Part of a nation's history lies in what people eat. Artifacts at the Museum document the history of food in the United States from farm machinery to diet fads.
More than 1,300 pieces of stoneware and earthenware show how Americans have stored, prepared, and served food for centuries. Ovens, cookie cutters, kettles, aprons, and ice-cream-making machines are part of the collections, along with home canning jars and winemaking equipment. More than 1,000 objects recently came to the Museum when author and cooking show host Julia Child donated her entire kitchen, from appliances to cookbooks.
Advertising and business records of several food companies—such as Hills Brothers Coffee, Pepsi Cola, and Campbell's Soup—represent the commercial side of the subject
"Food - Overview" showing 1 items.
- Description (Brief)
- Nordic Ware, a family-owned manufacturing firm in Minneapolis, Minnesota, was founded in 1946 by brothers Dave and Mark Dalquist, as “Plastics for Industry.” In 1950, the brothers bought Northland Aluminum Products, a small firm with a line of “Nordic Ware” products including griddles and steak platters. The same year, Dave Dalquist created a cast aluminum, fluted cake pan and trademarked it as the “Bundt” pan. The company continued to grow its product line to include specialty baking and cookware items, including the microwave turntable. Nordic Ware is notable due to its history of product innovation through engineering, and its continued production of cookware in the United States.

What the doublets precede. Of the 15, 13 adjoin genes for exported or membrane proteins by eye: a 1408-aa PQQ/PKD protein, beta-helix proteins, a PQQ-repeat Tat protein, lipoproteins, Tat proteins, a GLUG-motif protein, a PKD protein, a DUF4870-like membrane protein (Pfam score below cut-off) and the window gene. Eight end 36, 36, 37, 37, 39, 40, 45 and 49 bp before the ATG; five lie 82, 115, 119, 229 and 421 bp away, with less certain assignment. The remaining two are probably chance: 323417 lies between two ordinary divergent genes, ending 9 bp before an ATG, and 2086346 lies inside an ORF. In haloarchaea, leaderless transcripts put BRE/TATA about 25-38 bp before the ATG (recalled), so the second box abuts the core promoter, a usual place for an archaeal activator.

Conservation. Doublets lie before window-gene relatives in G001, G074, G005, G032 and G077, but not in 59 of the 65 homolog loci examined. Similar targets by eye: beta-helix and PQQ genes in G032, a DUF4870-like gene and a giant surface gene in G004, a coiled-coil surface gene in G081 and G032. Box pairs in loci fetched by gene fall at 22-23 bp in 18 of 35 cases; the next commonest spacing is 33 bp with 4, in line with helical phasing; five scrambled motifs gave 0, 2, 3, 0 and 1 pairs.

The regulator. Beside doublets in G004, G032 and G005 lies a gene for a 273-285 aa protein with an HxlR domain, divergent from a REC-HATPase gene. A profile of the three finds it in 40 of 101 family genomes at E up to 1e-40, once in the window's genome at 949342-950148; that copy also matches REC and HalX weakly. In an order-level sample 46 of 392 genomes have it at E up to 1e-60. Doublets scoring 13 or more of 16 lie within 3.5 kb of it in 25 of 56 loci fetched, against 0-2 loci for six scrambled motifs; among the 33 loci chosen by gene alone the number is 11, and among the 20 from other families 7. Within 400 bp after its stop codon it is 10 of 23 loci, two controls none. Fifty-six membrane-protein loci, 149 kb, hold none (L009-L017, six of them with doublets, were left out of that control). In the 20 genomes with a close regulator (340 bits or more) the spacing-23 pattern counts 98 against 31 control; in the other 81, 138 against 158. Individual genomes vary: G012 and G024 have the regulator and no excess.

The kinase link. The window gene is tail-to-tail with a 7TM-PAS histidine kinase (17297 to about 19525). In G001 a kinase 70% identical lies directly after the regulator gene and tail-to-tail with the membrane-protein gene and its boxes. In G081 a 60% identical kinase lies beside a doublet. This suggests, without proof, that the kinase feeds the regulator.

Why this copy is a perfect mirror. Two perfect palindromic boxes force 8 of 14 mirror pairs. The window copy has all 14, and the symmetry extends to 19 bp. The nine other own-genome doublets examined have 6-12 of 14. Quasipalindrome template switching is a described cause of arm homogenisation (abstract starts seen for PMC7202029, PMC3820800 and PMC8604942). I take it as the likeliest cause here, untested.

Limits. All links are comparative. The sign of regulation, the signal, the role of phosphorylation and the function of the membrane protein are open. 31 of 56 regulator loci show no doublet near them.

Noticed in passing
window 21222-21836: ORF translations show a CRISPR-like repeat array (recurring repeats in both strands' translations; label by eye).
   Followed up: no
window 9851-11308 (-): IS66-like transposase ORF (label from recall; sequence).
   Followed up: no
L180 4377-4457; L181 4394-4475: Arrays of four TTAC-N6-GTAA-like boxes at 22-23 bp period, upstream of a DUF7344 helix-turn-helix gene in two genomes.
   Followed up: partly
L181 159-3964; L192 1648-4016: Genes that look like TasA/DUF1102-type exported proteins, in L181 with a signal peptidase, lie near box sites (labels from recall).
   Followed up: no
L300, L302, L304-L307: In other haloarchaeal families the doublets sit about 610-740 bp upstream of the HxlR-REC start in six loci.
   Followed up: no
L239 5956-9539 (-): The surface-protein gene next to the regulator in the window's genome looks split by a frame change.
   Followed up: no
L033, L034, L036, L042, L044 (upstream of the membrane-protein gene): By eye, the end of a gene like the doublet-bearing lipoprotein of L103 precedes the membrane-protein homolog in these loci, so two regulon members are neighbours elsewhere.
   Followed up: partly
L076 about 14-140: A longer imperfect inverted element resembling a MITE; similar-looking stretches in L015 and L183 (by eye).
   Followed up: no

- This Servo-King platter holder was manufactured by Nordic Ware during the early 1960s. The Servo-King consists of an inner oval-shaped platter of aluminum that could be heated and set inside an outer Bakelite holder that would not conduct heat. The Bakelite holder allowed the platter to be safely served.
- Currently not on view
- Nordic Ware
- ID Number
- catalog number
- accession number
- Data Source
- National Museum of American History, Kenneth E. Behring Center